When Barnard launched STEAM in the City last summer, in collaboration with the Stavros Niarchos Foundation (SNF), the goal was to create a weeklong living laboratory for K-8 public school teachers in the Harlem and Morningside Heights neighborhoods. Guided by the College’s faculty in science and technology, local educators learned how to build a science, technology, engineering, the arts, and mathematics (STEAM) curriculum that leverages the city’s ecosystem — parks and public spaces — as experiential environmental and design learning sites. This year, from July 11 to July 15, Barnard expanded the program’s reach to welcome a new cohort of K-12 educators from across the City.
“We are proud to have participants who support students’ learning experiences from a variety of different roles,” said STEAM in the City program coordinator Yuval Dinoor ’21, who also works in the Office of Community Engagement and Inclusion. This year’s cohort included 19 teachers, department heads, paraprofessionals, principals, and after-school educators, as well as, for the first time, schools from District 75, which predominantly caters to students who have physical, emotional, or sensory challenges.
The way Emma Wolfe ’01, Senior Advisor to the President for External Relations and Leadership Development, sees it, STEAM in the City is a win for everyone. “Over those five days, not only are the teachers enriched, but we have Barnard College students, who are Teaching Fellows as part of the program; they’re enriched. Our community partners are as well,” said Wolfe. “And you see over the coming months, teachers take these lessons that they’re learning here at the College and they incorporate that into their classrooms and curricula.”
Even though this is only the second year for the program, it has shown to be a success with the City’s teachers, as well as a much-needed initiative. After completing the fellowship last year, Erin LeGendre, a third-grade teacher at East Harlem’s P.S. 206, said that she found it so beneficial she sent her two co-teachers to join this year’s cohort.
“SNF continues to be incredibly proud to partner with Barnard on STEAM in the City. With its vast scholarly resources, inspiring spaces, and deep pedagogical experience, Barnard was a natural partner for empowering public school teachers in the Harlem and Morningside Heights neighborhoods with practical STEAM lessons and trainings,” said Casey Russo, co-chief programs officer at SNF. “Over the past two years, the program has demonstrated how teachers can turn the city into a living laboratory that sparks students’ curiosity and incubates habits of inquiry that will last a lifetime.”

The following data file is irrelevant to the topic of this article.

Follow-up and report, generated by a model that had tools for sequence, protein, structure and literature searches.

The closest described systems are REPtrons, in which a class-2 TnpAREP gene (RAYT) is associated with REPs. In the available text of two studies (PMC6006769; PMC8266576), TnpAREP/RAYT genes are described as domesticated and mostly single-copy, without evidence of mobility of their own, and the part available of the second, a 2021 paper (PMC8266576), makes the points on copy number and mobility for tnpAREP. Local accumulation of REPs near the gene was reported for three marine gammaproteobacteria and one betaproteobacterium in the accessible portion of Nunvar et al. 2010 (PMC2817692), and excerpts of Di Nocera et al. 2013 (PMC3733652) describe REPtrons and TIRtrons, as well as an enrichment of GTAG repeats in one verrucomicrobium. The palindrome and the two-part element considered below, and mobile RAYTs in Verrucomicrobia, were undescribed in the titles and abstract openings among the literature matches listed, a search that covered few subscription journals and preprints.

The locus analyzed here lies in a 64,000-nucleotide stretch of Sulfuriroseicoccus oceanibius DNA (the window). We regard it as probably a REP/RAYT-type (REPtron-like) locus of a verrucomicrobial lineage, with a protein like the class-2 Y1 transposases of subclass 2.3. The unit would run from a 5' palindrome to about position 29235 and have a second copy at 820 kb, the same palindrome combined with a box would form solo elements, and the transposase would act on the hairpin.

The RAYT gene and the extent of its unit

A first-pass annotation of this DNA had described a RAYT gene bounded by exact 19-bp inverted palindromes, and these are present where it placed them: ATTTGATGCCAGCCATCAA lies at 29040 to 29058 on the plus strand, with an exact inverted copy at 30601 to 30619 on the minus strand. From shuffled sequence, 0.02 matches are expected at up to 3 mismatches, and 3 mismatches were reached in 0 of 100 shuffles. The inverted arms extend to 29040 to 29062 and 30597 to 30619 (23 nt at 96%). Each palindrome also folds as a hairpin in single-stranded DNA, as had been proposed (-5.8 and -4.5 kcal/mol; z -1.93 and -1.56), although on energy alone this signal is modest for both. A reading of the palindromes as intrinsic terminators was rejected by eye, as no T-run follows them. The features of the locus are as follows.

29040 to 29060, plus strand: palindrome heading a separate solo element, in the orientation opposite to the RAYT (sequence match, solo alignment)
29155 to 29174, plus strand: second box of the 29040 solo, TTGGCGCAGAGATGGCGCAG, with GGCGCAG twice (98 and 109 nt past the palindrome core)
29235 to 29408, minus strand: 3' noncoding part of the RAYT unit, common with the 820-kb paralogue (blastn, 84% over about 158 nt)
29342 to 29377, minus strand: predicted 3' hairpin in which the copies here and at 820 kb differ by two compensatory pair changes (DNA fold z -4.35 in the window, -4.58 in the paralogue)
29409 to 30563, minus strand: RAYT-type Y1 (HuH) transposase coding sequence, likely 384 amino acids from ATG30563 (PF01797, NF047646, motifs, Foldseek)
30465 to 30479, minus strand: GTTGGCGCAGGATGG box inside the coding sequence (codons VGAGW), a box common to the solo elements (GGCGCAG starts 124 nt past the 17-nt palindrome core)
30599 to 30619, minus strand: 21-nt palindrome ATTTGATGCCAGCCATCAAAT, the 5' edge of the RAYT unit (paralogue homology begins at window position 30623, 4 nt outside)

The summer program also leveraged the expertise of Barnard faculty who represent an array of STEAM disciplines, such as Maria Rivera Maulucci ’88, Ann Whitney Olin Professor of Education; Mark Santolucito, assistant professor of computer science; and returning rooftop honey bee researcher and associate professor of biological sciences Jon Snow, who led programs on Barnard’s campus and in the neighborhood’s Morningside Park. Staff members from the Center for Engaged Pedagogy (CEP), the Design Center, and Barnard’s Arthur Ross Greenhouse also stepped in as program supporters.
“Throughout the school year, we hope to offer professional development sessions in more locations across the city,” said Dinoor. This would surely be a bonus for the City’s K-12 educators, considering the robust projects and workshops they were able to participate in, which included such activities as building prototypes in the Design Center, conducting creative investigations in computer science and math, making mini greenhouses and solitary bee habitats, and learning how to identify tree species in Morningside Park.
Much as these activities will help students, participating educators confirmed they’ve learned new techniques and new ways to address STEM subjects. ”A program such as this allows us to have a cohort of teachers who come together and pick up from each other what our skill sets are and how to implement what works from their classrooms into our classrooms,” said Yamaly Peralta, of P.S. 028 The Wright Brothers School.
To learn more about this summer’s STEAM in the City classroom, watch the video above.